Jul 25, 2014

District to Give iPads to Fifth Graders

Eighty Jackson Avenue students learn they will be receiving iPads instead of textbooks this year.

For four fifth grade classes at the Jackson Avenue School, the phrase "no more pencils, no more books," took on a whole new meaning Tuesday morning. With about 80 students gathered in the school cafeteria, Mineola school Superintendent Dr. Michael Nagler announced a new initiative that will provide each of them with an Apple iPad for the duration of the school year.   

"This is an experiment," he said. "It is to see if this is a new way of teaching and of learning. You are going to be a part of something that hasn't been done before." The district has purchased about 100 of the devices which connect to the internet wirelessly. The approximate retail price for each iPad is around $500.

According to Nagler, California governor Arnold Schwarzenegger launched a "ripple effect across the country" with his Free Digital Textbook Initiative, where schools are able to cost-effectively incorporate technology into academia. Nagler feels his iPad initiative will aid a "new generation of students," helping them learn the skills necessary for their futures. Jackson Avenue School principal Matthew Gaven believed that Mineola is the first school district to have an iPad program on such a large scale.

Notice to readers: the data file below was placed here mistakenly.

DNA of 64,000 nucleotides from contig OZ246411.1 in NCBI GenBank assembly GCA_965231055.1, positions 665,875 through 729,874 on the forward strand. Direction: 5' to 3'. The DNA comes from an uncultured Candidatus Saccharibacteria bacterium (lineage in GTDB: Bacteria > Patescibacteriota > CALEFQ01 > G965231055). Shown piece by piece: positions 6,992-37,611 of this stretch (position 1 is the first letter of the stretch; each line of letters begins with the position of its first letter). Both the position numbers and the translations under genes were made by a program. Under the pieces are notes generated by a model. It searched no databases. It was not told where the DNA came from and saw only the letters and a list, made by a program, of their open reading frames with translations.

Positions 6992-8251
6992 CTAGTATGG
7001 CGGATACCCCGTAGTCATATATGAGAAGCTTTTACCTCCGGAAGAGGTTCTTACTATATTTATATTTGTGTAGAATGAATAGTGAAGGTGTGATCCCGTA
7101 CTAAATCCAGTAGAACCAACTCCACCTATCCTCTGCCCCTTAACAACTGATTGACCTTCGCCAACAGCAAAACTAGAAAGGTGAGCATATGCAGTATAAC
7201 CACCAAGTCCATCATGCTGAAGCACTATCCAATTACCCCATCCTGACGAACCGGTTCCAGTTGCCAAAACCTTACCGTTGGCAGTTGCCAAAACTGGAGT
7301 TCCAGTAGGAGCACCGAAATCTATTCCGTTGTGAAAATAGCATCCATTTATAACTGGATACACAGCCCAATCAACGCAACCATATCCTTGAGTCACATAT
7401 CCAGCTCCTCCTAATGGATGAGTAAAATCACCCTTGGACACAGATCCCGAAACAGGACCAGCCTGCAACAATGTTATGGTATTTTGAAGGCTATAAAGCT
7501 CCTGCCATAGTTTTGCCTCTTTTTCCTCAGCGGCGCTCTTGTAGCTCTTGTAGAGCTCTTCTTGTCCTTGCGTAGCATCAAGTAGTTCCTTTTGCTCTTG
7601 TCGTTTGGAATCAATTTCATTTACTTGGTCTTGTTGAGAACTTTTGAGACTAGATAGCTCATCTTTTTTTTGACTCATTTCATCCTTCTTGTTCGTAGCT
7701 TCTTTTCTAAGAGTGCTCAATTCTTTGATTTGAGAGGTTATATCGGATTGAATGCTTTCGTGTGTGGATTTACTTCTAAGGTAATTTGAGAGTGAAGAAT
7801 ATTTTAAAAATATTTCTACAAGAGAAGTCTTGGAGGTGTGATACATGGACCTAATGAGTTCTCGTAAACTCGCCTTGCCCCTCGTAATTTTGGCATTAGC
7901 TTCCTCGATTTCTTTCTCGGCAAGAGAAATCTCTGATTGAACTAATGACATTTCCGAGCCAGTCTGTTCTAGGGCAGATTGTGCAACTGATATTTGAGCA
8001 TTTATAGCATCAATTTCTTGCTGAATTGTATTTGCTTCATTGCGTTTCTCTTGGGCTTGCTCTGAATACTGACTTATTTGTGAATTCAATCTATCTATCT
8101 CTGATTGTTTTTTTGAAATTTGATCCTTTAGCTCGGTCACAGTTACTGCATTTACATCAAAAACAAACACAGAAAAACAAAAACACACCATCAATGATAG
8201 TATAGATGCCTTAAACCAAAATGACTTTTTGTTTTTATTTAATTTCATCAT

Teachers have reportedly been working all summer to find appropriate educational applications for the students to use on the iPad.  "I needed the best teachers in the district to do this," Nagler said. "This won't work unless this group of people makes it work."

Anxious students raised their hands to ask questions of their new devices, such as what they should do if they find an educational application at home that they would like to share with the class and what monitors would be in place.

The iPads will have the same filter as the school computers but Nagler puts his faith in the fifth grade. "I trust you," he said, addressing the students.

Gaven advised students to communicate with their teachers. "We want this to be a partnership," he said. "We want you to be the judges of the things that we are trying. The most important thing is that you use this for learning."         

Although students will not receive their iPads for about another two weeks - leaving time for parent conferences - some students were able to try out a few applications.

One fifth grader, Chloe, thinks the best part about the iPad is its convenience. "Now you don't have to carry a lot of textbooks; it's all in your iPad."

Another student, Michael, said he believes he can learn a lot from the iPad although this will be his first time using one. "I'm most excited about the math and science games," he said.

Gaven stated that an Apple engineer would be available to give the district technical support when needed.

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